Jennifer Esposito Talks Directorial Debut ‘Fresh Kills’ and Why She Refused to Audition for ‘The Sopranos’

Jennifer Esposito remembers being asked to audition for “The Sopranos” more than once. She declined each time.

“I chose to not go up for it when they would call me in because it was like, ‘I can’t relive this,’” Esposito recalls. “The only thing that used to make me crazy about the show when I did watch it was the character of Meadow because she was very nice. The girls I grew up around wanted to kill me, wanted to kill me every day. So it was PTSD.”

Esposito grew up among organized crime on Staten Island. “Staten Island is the same Staten Island from when I left when I was 18 years old,” says the 50-year-old actor, whose credits span from television’s “Spin City” and “Blue Bloods” to the Oscar-winning “Crash.” “It’s still the same place. You need to understand that nothing leaves this island. It’s a very strange time warp of a place.”

But now art imitates life for Esposito. She makes her writing and directorial debut with “Fresh Kills,” an indie drama set in the late 1980s and early 1990s about two sisters (Odessa A’zion and Emily Bader) whose mother (Esposito) tries to hold the family together when the girls’ mafia boss father (Domenick Lombardozzi) goes to prison. It’s a script that had been “percolating and marinating” since Esposito was 16, she says.

“And then I just got so frustrated with where my career had gone and where it was supposed to go — the way I feel it should have — and I thought, ‘Instead of complaining about the stuff that you’re not getting and not seeing, I can’t complain anymore,’” she says. “It was like you’re either quitting or you’re going to do something about it. I would say, without being dramatic, ‘I don’t think I’d be able to die unless I do this.’ It was something that needed to be done.”

“Fresh Kills” premieres during Tribeca Film Festival on June 16.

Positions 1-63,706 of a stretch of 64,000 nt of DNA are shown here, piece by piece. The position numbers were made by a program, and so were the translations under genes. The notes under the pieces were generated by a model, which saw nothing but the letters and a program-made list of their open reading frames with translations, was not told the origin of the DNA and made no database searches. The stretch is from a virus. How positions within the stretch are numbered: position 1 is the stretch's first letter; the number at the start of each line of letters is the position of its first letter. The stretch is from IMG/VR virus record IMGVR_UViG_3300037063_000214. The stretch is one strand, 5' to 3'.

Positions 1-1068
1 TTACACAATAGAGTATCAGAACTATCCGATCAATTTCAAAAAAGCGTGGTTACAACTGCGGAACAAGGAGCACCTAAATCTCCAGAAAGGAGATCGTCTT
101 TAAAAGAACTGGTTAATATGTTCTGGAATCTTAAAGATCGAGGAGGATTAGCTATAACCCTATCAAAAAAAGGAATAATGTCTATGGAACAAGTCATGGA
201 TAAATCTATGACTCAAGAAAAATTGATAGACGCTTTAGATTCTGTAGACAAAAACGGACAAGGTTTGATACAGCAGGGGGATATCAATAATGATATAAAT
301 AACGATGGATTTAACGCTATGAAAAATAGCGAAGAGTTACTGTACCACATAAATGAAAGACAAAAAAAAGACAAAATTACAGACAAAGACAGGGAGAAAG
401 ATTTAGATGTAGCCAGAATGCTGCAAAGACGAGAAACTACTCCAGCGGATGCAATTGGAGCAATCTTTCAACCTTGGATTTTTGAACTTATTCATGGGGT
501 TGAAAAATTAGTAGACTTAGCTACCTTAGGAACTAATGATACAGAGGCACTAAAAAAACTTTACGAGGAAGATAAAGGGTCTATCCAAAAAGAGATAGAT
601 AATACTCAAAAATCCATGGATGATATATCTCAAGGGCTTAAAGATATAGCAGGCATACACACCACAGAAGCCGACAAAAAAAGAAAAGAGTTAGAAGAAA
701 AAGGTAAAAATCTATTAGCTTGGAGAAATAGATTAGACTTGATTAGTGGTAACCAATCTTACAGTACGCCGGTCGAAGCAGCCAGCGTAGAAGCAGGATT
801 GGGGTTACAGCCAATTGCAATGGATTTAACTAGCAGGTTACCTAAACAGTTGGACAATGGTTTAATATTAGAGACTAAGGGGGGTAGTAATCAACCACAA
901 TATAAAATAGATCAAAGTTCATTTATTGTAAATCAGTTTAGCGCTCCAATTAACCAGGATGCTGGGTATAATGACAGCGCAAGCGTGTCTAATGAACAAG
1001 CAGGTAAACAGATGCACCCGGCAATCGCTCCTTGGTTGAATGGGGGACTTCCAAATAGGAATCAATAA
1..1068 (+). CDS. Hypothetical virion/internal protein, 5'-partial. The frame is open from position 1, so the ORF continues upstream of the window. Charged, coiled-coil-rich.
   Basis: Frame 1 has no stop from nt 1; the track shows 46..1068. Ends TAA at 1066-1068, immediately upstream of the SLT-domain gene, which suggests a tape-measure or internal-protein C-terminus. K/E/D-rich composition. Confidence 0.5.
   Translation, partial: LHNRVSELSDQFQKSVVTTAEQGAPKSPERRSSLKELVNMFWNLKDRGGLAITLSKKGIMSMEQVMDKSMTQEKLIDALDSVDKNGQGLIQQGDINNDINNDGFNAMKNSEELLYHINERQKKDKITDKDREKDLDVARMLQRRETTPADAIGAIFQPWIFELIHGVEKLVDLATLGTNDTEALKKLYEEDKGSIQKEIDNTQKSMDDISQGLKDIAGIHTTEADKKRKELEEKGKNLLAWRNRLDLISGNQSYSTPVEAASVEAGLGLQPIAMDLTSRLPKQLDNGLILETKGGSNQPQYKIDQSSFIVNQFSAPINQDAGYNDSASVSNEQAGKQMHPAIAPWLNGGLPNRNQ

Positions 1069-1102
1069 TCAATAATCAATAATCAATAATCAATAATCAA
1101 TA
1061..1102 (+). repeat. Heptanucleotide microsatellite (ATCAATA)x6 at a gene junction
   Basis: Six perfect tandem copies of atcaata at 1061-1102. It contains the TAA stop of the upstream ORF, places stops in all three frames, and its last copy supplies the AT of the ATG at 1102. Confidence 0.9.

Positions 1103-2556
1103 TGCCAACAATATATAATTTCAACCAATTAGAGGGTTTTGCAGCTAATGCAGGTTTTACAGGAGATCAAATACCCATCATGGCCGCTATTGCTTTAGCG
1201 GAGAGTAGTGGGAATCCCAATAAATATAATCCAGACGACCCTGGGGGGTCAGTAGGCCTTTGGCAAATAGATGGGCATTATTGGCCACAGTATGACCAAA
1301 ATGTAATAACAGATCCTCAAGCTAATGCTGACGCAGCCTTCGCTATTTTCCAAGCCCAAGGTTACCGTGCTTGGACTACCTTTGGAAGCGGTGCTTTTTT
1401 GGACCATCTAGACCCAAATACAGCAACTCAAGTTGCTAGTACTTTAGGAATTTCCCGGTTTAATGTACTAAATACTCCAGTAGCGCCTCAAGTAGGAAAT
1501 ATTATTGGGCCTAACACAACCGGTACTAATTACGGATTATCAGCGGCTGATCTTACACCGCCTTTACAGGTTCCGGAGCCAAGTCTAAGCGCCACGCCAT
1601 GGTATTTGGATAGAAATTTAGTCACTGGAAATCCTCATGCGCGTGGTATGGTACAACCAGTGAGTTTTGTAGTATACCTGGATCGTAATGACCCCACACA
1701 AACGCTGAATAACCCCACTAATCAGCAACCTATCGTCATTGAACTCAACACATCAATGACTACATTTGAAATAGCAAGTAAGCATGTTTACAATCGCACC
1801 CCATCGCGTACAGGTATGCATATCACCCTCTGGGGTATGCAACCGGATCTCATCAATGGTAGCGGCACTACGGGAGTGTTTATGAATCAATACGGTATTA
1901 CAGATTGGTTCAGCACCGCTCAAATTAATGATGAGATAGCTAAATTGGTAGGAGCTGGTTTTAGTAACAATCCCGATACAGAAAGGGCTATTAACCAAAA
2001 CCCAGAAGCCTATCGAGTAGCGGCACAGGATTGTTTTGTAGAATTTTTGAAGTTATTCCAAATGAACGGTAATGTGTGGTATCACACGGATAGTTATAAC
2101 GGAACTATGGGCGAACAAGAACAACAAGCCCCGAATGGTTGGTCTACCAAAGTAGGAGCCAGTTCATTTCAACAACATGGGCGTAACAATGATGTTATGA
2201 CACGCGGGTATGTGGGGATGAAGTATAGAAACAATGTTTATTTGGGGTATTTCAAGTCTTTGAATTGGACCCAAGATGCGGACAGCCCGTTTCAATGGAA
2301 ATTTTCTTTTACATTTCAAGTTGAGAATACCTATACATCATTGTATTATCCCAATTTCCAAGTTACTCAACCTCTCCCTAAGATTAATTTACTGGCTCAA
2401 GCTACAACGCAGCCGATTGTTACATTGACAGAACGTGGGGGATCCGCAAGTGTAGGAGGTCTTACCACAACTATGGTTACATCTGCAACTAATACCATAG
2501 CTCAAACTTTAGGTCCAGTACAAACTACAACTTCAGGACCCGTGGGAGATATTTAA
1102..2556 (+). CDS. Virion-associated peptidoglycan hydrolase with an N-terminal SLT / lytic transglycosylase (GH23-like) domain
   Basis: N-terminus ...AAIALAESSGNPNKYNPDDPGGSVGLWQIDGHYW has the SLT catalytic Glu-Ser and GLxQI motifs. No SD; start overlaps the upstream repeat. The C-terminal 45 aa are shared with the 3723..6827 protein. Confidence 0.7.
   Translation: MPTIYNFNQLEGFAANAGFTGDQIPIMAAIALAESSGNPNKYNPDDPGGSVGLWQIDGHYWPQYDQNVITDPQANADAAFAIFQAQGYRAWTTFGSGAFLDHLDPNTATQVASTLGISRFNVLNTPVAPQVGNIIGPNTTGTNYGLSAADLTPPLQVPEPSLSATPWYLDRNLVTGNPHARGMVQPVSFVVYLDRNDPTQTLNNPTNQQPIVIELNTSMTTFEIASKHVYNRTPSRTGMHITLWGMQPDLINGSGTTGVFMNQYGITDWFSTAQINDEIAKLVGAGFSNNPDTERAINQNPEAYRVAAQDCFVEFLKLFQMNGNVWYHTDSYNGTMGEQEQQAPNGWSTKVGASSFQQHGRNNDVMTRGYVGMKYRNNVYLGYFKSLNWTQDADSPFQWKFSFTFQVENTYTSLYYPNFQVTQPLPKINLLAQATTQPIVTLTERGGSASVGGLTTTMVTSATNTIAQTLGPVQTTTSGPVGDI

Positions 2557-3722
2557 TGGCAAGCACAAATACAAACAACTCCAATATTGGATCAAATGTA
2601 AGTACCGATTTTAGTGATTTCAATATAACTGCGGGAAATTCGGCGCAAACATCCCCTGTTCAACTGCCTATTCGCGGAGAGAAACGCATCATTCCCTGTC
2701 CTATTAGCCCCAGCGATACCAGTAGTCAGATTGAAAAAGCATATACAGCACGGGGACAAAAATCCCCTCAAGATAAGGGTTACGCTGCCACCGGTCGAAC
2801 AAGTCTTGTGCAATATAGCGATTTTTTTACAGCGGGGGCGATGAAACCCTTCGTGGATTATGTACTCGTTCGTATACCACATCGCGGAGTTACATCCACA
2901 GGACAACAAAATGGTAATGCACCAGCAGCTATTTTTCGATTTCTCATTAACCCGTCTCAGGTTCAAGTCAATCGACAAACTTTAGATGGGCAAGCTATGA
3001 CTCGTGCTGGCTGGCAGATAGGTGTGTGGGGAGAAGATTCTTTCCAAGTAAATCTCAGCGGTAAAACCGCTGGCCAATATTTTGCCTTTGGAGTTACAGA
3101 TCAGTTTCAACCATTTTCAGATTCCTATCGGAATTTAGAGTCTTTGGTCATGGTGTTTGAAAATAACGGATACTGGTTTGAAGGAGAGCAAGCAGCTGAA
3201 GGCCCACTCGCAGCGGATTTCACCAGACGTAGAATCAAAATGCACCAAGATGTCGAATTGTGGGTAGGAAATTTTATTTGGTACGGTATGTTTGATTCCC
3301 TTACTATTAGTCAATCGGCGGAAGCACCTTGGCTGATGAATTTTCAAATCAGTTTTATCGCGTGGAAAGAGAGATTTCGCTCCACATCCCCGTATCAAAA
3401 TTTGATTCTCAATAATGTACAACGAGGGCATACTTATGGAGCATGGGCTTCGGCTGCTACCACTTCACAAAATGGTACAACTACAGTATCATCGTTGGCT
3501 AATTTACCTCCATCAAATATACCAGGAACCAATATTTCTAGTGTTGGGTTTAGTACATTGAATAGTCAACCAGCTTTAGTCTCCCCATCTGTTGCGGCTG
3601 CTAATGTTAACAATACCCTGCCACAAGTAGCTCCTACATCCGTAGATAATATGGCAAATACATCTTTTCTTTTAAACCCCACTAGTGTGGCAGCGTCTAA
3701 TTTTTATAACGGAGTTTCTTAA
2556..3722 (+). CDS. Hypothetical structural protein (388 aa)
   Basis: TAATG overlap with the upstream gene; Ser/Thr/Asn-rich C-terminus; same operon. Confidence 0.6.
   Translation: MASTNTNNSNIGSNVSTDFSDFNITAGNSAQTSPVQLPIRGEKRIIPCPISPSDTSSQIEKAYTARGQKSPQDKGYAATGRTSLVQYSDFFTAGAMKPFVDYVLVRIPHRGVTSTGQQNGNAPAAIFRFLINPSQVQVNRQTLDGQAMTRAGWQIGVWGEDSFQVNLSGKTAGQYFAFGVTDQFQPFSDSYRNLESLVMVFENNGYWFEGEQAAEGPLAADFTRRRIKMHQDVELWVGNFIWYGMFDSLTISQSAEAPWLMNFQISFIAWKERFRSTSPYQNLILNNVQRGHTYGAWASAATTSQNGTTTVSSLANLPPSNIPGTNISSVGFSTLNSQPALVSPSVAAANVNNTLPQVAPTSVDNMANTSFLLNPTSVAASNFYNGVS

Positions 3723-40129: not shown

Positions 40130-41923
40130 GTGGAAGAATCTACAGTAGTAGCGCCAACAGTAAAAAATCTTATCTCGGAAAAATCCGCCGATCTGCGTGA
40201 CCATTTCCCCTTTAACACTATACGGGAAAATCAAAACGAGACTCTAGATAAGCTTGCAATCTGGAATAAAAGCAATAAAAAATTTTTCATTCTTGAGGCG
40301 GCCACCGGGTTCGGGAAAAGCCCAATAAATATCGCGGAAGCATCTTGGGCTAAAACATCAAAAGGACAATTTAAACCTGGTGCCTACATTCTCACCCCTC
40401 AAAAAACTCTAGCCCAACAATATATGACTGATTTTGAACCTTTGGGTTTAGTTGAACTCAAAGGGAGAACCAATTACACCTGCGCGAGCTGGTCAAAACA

Working on the movie has been therapeutic. Esposito says she lived with unexplained rage for much of her life. “I had partners who would always tell me, ‘You’re so angry,’” she says. “I’d be like, ‘I’m not angry.’ But I was. There was anger and rage.”

She points to the violence and fear that haunted her childhood, emotions that play out in one particular scene in the movie when the sisters get into a horrific brawl with a couple of other girls from the neighborhood because they insulted their dad. The fighting is savage and ends with faces bloodied from being hit with broken bottles and slammed against brick walls and concrete streets.

“I don’t think people understand unless you lived it. That’s what I saw. And they were in their Catholic school uniforms, and they’d pull a girl on a table in a diner and beat the hell out of her till her face is off,” Esposito says. “It’s that kind of stuff. I wanted to capture that. It’s unleashing a rage that they can’t acknowledge where it’s coming from, because as soon as you touch that button of the father, it’s a match — don’t touch it.”

She understands now that “The Sopranos” was only depicting a slice of Italian-American life. “They wanted me to come in a few times for certain things, and I was like, ‘No. The way you’re portraying Italian culture? Oh, get over yourself. Really?’” Esposito says. “It was an amazing show. But you’re a kid. You don’t see that. Of course I look back, and it’s like, ‘That was stupid.’”

Even so, this helped propel Esposito to become a director — a move she knew was right for her the moment she first called, “Action!”

“I could cry now. It was nerve-wracking and beautiful, but I knew I was right where I was supposed to be,” Esposito says. “I have to say, I feel so at home in this position. I don’t even care if I’m ever in front of the camera again. This? Every angle is me. Every piece of clothing, every lighting, every music cue, every sound is me. This movie is my heart.”

She can’t wait for the premiere party. She hopes the menu includes rainbow cookies and fried donut balls known as zeppolis, both of which are signatures of New York Italian bakeries and street fairs.

We laugh at my suggestion that Aqua Net host the festivities in honor of the movie’s big ’80s hair. Esposito smiles, “I want the party to smell like Aqua Net and zeppolis.”

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